Soil management and soil properties in a Kenyan smallholder irrigation system on naturally low-fertile soils
2018. Martina Angela Caretta (et al.). Applied Geography 90, 248-256Artikel
In this study we examine the impact of soil management practices on soil properties in a landscape with naturally relatively poor soils on and below the dry slopes of a Rift Valley escarpment in Kenya that have been dominated by extensive smallholder investments in canal irrigation over the last 300 years. We show that farmers in the area have been able to keep up agricultural production in the face of growing population. The actual practices of soil management at one moment in time appear to be of minor importance to soil improvement, as indicated by the low correlation between Soil Management Index (SMI) and soil chemical data. However, cultivation triggers a process of slow soil improvement manifested by a positive correlation between nutrient levels and duration of irrigated cultivation and soil management, which likely explains farmers' confidence in soil productivity. However, we also identify sodicity as a risk connected to intensified irrigation in the area. Finally, we stress the need for further studies integrating investigations of local irrigation and soil management with soil and water quality analyses. These will be crucial to shape sustainable place-based and farmer-led solutions for African agricultural growth.
Land Concessions and Rural Livelihoods in Mozambique
2017. Juliana Porsani, Lowe Börjeson, Kari Lehtilä. Journal of Southern African Studies 43 (6), 1181-1198Artikel
In rural Mozambique, as in other African countries, large-scale land acquisitions are on the rise. This process is usually portrayed by host governments and investors as comprising win-win deals that can simultaneously boost agricultural productivity and combat poverty. This article focuses on one such investment, a large-scale Chinese land acquisition in the lower Limpopo valley, where attempts to modernise agriculture have occurred since colonial times. Based on an analysis of primary quantitative and qualitative data, this study explores livelihoods in the targeted area and local experiences and views regarding land loss and its implications. Our findings reveal a top-down process enabled by disregard for sound legislation, whereby land dispossession was followed by take-it-or-leave-it' opportunities that were unsuited to the most land-dependent livelihoods, particularly those of single-headed households. As the modernisation of the region is once again attempted through the promotion of large-scale agriculture, important historical continuities prevail. This study adds critical evidence to the discussion on the local development potential of land deals in Mozambique and other areas marked by similar democratic deficits.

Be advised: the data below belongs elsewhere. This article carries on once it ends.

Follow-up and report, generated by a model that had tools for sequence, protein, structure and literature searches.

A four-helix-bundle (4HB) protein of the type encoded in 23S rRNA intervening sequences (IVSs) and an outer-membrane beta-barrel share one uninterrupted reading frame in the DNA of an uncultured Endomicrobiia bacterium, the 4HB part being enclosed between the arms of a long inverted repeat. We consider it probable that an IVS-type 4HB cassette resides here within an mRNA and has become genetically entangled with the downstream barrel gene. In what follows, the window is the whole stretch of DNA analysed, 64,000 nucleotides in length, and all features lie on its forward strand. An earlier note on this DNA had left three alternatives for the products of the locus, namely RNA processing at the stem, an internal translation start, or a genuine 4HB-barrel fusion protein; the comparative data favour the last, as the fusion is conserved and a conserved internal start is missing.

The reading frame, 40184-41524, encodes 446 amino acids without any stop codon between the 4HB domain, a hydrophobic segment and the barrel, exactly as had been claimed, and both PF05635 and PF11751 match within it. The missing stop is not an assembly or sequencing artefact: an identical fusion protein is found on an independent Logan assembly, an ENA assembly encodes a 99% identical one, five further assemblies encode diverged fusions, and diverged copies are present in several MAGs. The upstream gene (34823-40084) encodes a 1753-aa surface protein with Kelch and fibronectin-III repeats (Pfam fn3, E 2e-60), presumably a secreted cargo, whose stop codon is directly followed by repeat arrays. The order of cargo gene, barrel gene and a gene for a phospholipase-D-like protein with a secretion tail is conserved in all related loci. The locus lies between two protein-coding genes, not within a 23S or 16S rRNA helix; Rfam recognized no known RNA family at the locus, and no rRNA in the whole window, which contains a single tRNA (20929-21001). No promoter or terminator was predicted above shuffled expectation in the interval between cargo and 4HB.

Crop raiding by wild mammals in Ethiopia
2016. Tola Gemechu Ango, Lowe Börjeson, Feyera Senbeta. OryxArtikel
We assessed the impacts of crop raiding by wild mammals on the livelihoods of smallholding farmers in south-western Ethiopia. Data were generated through participatory field mapping, interviews and focus groups. The results indicated that wild mammals, mainly olive baboons Papio anubis and bush pigs Potamochoerus larvatus, were raiding most crops cultivated in villages close to forests. In addition to the loss of crops, farmers incurred indirect costs in having to guard and cultivate plots far from their residences, sometimes at the expense of their children's schooling. Raiding also undermined farmers’ willingness to invest in modern agricultural technologies. Various coping strategies, including guarding crops and adapting existing local institutions, were insufficient to reduce raiding and its indirect impacts on household economies to tolerable levels, and were undermined by existing policies and government institutions. It is essential to recognize wild mammal pests as a critical ecosystem disservice to farmers, and to identify ways to mitigate their direct and indirect costs, to facilitate local agricultural development and livelihood security, and integrate wildlife conservation and local development more fully in agriculture–forest mosaic landscapes.